Lectionary Calendar
Friday, April 19th, 2024
the Third Week after Easter
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Bible Commentaries
1 Samuel 20

Gaebelein's Annotated BibleGaebelein's Annotated

Verses 1-42

5. Jonathan Protects David and Their Separation


1. David with Jonathan (1 Samuel 20:1-10 )

2. The strengthened bonds and the token (1 Samuel 20:11-23 )

3. Saul’s attempt to kill Jonathan (1 Samuel 20:24-34 )

4. David separated from Jonathan (1 Samuel 20:35-42 )

We do not need to enlarge upon this beautiful story of the further devotion of Jonathan to David. What friendship and affection is here! Indeed the chapter contains one of the most charming incidents in this book. When David told Jonathan of his great danger, Jonathan refused to believe it. But David knew there was but a step between him and death. The conversation which took place in the field is most pathetic. Both were men of faith putting their trust in Jehovah and hence this great affection. Jonathan also was deeply conscious of David’s destiny as the Lord’s anointed. Verses 14 and 15 bear witness to this. “And thou shalt not only while I live show me the kindness of the LORD, that I die not. But also thou shalt not cut off thy kindness from my house for ever, no, not when the LORD hath cut off the enemies of David every one from the face of the earth.” Then Jonathan caused David to make a covenant with him, for he loved him as he loved his own soul. And Jonathan had to taste his father’s anger. Vicious are Saul’s words to his own son, and in wrath he threw a javelin at him to smite him. How this illustrates Satan’s hatred, both against Christ and those who are one with Him, as David and Jonathan were one.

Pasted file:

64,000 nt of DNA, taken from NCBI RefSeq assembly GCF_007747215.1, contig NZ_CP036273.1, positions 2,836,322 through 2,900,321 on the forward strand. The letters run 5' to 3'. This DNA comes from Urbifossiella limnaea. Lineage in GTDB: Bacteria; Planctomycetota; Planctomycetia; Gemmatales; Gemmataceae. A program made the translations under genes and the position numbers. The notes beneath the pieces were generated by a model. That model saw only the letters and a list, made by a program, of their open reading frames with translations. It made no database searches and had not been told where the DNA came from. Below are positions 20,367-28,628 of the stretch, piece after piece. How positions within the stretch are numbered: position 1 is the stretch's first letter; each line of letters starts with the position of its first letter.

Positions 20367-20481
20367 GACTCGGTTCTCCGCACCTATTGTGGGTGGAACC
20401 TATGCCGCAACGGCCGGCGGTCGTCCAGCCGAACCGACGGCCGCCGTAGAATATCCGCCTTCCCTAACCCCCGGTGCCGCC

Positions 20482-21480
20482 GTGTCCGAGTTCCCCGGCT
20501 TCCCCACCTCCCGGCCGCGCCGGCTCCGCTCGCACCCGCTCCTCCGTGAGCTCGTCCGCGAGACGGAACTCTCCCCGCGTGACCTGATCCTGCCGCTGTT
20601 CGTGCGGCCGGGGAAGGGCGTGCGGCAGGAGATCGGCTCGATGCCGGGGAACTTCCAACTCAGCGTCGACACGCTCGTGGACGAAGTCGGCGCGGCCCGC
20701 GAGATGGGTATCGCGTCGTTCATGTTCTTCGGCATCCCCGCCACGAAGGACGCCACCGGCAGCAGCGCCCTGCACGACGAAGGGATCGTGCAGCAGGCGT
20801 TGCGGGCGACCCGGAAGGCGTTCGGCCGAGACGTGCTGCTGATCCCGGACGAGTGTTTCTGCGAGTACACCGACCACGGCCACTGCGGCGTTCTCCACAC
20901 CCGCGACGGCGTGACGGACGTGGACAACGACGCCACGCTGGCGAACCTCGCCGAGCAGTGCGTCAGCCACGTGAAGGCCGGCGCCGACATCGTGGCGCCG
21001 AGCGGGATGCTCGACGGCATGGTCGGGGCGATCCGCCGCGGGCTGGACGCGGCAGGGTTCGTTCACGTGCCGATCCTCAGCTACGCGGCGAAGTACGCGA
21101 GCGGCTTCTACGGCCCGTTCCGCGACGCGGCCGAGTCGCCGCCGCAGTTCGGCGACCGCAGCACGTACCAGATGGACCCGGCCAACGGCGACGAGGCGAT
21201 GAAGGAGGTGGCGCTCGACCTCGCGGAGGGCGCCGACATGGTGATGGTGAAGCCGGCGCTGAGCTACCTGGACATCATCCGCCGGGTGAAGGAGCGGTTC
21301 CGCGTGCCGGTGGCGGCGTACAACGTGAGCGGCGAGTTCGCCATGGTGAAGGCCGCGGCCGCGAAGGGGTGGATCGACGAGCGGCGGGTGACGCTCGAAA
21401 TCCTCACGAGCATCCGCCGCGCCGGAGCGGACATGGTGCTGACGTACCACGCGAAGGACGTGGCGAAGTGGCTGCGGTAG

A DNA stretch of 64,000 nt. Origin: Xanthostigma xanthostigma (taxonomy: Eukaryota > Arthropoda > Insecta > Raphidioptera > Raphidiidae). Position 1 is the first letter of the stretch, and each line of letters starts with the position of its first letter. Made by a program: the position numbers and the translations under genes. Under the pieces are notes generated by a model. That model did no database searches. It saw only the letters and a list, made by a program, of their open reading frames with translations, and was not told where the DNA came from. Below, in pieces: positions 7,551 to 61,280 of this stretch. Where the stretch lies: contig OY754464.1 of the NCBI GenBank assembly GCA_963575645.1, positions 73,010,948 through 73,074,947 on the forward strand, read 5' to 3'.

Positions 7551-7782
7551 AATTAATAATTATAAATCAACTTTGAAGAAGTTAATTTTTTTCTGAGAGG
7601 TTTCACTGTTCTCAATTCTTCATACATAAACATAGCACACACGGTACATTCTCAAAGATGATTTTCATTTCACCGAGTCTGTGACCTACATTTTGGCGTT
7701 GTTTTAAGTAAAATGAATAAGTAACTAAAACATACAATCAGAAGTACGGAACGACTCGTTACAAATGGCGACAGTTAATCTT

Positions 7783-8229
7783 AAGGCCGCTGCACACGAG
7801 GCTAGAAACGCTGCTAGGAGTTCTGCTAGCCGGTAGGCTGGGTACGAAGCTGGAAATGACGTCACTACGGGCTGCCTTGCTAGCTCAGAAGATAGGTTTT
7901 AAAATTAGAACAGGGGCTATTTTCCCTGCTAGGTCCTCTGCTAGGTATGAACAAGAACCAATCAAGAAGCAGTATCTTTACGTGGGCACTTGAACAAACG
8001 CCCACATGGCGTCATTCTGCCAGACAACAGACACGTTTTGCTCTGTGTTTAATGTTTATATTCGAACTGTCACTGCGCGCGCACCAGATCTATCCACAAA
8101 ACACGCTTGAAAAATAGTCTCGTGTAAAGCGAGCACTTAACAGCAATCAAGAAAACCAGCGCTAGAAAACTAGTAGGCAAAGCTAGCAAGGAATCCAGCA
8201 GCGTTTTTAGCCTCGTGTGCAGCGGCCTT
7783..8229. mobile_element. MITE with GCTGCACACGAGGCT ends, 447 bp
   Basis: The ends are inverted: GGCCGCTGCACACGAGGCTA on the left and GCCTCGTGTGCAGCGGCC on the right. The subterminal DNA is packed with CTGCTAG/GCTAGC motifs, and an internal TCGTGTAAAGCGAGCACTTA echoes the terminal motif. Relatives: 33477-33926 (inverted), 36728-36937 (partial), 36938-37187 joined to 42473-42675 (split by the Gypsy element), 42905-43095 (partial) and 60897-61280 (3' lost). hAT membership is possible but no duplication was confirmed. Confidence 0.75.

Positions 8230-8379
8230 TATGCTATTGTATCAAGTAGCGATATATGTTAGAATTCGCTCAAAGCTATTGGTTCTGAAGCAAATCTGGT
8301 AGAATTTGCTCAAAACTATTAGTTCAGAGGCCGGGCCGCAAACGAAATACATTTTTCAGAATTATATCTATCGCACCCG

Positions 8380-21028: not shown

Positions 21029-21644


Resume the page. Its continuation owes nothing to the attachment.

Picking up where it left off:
Then comes the parting. They kissed one another, and wept one with another till David’s weeping exceeded (literally, “till David wept loudly”). Jonathan went into the city and David into the suffering of the exile. They met but once more (1 Samuel 23:16-18 ).

Bibliographical Information
Gaebelein, Arno Clemens. "Commentary on 1 Samuel 20". "Gaebelein's Annotated Bible". https://studylight.org/commentaries/eng/gab/1-samuel-20.html. 1913-1922.
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